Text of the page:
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2

You MUST attach the ground to the metal box FIRST. You can pigtail, but what you can't do is take ground to the receptacle only. The receptacle will automagically pick up ground off the metal box in certain circumstances. the box screw ear, and receptacle, have hard flush clean metal contact, with the screws bottomed out (not floating on drywall ears; no ...


2

Take the #10 AWG ground from your cable and loop it to your metal box with a 10/32 grounding screw. There should be a threaded hole for this in the box. Extend the ground outward an attach it to your outlet.


14

No, that's illegal and has always been illegal. You are confusing neutral and ground, which is understandable since they go to the same place in the main panel. However they are actually different and separate; they are tied together in the main panel and that is the only reason they're allowed on the same bus. Don't let that confuse you. The water heater ...


3

What you need is a critical-loads subpanel This is an ordinary subpanel, in which the critical-load circuits are permanently moved. (this isn't as annoying as it sounds). The ATS automatically switches its source between utility and generator. As Ed Beal notes, it's unusual to put a large load like hot water on a backup generator for a couple of reasons: ...


4

You'll need a right-angle FMC connector, an octagon knockout faceplate, and some MAC-Blocks for this It looks like your electrician threw an octagon mud ring on the square box they put in for this outlet because they didn't have a square one in the truck at the time. While a bit non-standard, this is not unmanageable, either, as KO faceplates for octagon ...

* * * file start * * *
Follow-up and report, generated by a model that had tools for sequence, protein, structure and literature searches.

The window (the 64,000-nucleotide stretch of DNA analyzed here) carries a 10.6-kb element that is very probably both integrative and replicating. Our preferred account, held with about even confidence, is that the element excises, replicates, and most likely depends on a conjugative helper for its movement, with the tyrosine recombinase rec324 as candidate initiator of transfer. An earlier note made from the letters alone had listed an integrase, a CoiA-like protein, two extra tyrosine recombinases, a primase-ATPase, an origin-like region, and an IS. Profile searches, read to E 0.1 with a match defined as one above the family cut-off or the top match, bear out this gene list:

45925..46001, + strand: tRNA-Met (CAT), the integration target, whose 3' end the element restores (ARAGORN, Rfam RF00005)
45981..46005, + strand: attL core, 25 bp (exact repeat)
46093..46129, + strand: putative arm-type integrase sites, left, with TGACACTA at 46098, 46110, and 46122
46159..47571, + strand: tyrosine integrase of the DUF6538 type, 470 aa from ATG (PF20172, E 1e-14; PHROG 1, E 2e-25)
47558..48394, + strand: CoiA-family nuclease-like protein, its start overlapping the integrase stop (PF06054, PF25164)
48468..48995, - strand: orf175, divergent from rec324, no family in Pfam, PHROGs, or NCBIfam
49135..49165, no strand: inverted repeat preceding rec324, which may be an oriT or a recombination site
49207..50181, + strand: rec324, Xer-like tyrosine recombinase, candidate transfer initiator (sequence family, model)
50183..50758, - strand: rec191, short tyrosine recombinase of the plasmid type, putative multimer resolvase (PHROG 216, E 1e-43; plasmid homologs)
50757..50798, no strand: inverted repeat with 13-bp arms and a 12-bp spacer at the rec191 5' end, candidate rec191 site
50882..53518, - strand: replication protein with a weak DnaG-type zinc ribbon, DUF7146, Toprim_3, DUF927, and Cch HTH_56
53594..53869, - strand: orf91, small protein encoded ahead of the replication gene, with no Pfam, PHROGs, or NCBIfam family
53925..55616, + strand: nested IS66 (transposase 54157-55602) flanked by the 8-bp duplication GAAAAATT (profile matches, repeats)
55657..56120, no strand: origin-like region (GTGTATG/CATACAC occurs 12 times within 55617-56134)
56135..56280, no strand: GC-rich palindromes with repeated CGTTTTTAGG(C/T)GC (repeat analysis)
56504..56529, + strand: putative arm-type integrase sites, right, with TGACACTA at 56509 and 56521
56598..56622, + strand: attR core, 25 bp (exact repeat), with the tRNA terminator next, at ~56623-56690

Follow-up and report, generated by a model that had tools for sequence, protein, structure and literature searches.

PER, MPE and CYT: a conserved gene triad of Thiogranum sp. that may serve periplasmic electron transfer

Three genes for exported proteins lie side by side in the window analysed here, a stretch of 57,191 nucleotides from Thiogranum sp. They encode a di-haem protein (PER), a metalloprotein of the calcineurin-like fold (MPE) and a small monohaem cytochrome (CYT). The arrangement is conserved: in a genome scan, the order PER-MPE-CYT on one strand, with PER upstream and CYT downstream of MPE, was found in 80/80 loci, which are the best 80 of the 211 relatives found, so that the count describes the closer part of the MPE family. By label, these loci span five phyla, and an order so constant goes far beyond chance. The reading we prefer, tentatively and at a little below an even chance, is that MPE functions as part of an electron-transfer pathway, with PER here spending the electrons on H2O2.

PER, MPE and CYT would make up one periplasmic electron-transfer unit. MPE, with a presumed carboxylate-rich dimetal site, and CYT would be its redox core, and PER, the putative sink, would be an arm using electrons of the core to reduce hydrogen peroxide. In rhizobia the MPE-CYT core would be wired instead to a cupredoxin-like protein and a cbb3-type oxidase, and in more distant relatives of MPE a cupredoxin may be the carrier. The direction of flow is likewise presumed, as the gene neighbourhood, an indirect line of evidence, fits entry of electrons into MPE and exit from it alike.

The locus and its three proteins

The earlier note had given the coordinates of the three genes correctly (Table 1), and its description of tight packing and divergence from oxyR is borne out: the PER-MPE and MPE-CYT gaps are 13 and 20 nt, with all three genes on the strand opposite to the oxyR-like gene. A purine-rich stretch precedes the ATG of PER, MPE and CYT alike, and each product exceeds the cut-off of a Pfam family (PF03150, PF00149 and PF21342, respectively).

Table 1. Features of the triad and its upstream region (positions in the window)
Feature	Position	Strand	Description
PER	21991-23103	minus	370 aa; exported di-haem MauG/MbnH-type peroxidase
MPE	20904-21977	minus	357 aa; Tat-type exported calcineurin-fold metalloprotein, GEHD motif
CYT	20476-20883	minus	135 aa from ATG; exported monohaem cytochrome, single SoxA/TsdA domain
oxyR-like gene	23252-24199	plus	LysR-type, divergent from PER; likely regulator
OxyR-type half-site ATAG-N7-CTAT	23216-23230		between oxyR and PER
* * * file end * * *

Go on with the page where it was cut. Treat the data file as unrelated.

0

To make a hard-wired connection get a RACO 187, mount box with window horizontal, the 4 holes line up with receptacle mounting holes. Then the metal flex can attach to the the side of the box. You will need to a breaker lock-off in the electrical panel.


1

Your easiest bet will be a cross between 1 and 3 Your easiest and simplest bet is a cross between approach 1 and approach 3, using a subpanel with a breaker interlock between the two breakers in it to keep you from overloading the feeder by running both kilns at once. The good news is Siemens, Square-D QO, and Eaton all have fairly nice interlock kits ...


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